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Books
The Practical Caregiver's Guide to Home Hospice Care
The Practical Caregiver's Guide to Home Hospice Care
by Sara Barton
Hospice Care Guide: What You Must Know About Hospice Services and Hospice Needs (Hospice Help, Home Hospice Need Book 1)
Hospice Care Guide: What You Must Know About Hospice Services and Hospice Needs (Hospice Help, Home Hospice Need Book 1)
by Cheryl Broderick
Symptom Management Algorithms: A Handbook for Palliative Care
Symptom Management Algorithms: A Handbook for Palliative Care
by Linda Wrede-Seaman
Our Price: $37.95
Used from: $33.94

Living at the End of Life: A Hospice Nurse Addresses the Most Common Questions
Living at the End of Life: A Hospice Nurse Addresses the Most Common Questions
by Karen Whitley Bell RN
Our Price: $9.14
Used from: $4.70

The Hospice Companion: Best Practices for Interdisciplinary Assessment and Care of Common Problems During the Last Phase of Life
The Hospice Companion: Best Practices for Interdisciplinary Assessment and Care of Common Problems During the Last Phase of Life

Our Price: $32.07
Used from: $27.68



Who Needs a Hospice

Hospice care is often a facility that will help terminally ill patients pass over into death with dignity and respect. Most facilities will have a few eligibility requirements before they accept a patient. You'll need to understand these requirements as well as understand exactly what the hospice care center offers.

 

Most patients will be referred from a personal doctor for hospice care when they are expected to pass over or die within the next six months. While a referral is necessary for most hospice facilities, it's the family that will contact the facility itself. If the person is expected to live for longer than six months, they may need a certification as to their terminal illness.

You'll find that the staff of most hospice facilities will converse with the physician of the patient, who is looking for hospice care. They'll need a medical history as well as a psychological history of the patient themselves and the expected pain tolerance levels as well as pain management care. Most of this information will come from the patient's physician, but some of the psychological can come from the family themselves. The hospice facility with may also look into the family psychological makeup in order to support the family during death.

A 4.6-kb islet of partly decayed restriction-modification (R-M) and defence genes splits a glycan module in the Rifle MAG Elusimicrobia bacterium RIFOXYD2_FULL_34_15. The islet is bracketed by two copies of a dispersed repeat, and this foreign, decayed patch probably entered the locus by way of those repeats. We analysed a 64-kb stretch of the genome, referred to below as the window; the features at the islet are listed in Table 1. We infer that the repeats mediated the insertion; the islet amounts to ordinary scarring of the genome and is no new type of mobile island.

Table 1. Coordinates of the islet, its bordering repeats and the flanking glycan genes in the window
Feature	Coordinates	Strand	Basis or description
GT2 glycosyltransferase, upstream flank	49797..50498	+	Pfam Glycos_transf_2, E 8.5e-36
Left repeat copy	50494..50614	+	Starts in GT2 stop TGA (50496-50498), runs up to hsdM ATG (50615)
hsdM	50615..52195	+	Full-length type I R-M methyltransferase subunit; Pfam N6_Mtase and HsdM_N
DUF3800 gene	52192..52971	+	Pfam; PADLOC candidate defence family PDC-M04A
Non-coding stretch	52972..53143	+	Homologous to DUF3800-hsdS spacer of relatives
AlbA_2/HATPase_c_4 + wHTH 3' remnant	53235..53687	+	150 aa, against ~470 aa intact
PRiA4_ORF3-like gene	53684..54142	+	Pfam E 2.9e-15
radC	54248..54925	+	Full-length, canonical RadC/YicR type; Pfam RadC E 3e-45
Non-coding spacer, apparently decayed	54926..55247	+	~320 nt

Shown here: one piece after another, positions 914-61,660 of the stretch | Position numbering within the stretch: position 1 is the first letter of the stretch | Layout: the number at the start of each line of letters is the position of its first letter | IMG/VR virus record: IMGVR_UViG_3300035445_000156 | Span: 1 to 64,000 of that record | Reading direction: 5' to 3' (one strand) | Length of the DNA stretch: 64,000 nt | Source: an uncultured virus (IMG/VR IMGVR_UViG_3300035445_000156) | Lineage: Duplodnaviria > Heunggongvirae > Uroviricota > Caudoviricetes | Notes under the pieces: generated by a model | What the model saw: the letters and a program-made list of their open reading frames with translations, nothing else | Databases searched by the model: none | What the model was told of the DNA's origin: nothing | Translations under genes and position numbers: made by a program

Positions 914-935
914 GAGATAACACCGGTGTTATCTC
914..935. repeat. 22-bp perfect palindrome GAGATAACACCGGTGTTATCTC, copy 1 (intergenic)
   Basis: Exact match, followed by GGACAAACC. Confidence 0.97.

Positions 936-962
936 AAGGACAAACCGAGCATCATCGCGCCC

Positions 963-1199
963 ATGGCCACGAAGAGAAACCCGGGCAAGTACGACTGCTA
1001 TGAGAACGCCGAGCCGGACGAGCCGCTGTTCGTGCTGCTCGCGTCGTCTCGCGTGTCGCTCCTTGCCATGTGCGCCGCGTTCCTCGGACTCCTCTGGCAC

Once the physician has spoken with a hospice care facility, and decided that this particular hospice care will help a patient pass over, it will move over into discussions of hospice care services.

Eligibility requirements once met will then entail paperwork. The Guardian or the person with power of attorney will then begin the paperwork process. They'll have to sign papers and agreements between the Guardian and the medical care provider themselves allowing for Medicare benefits to pass over to the hospice unit itself.

The Guardian will then begin a patient treatment plan with those at the hospice care facility. This is to detail out the exact care the patient will receive including pain management, counseling sessions, family visitation, and family support and care. Mortality will affect all of us at one time or another and assisted living, nursing homes, and hospice care facilities can help ease the passage.

Thoroughly research the care facility that you're intending to use and make sure that your guardianship is respected as to pain management, counseling services, religious services, and family support. Many hospice facilities treat the whole family during terminal illness, helping to ease the loved ones passing over. You may find nondenominational facilities, specific religious facilities, or you may find in home care facilities. Look for Hospital hospice facilities, in home care facilities, assisted living hospice care or nursing home hospice care.

Choosing a hospice care facility for a loved one is never an easy job, but a bit of research can give peace of mind as to the care that your loved one will receive.



 

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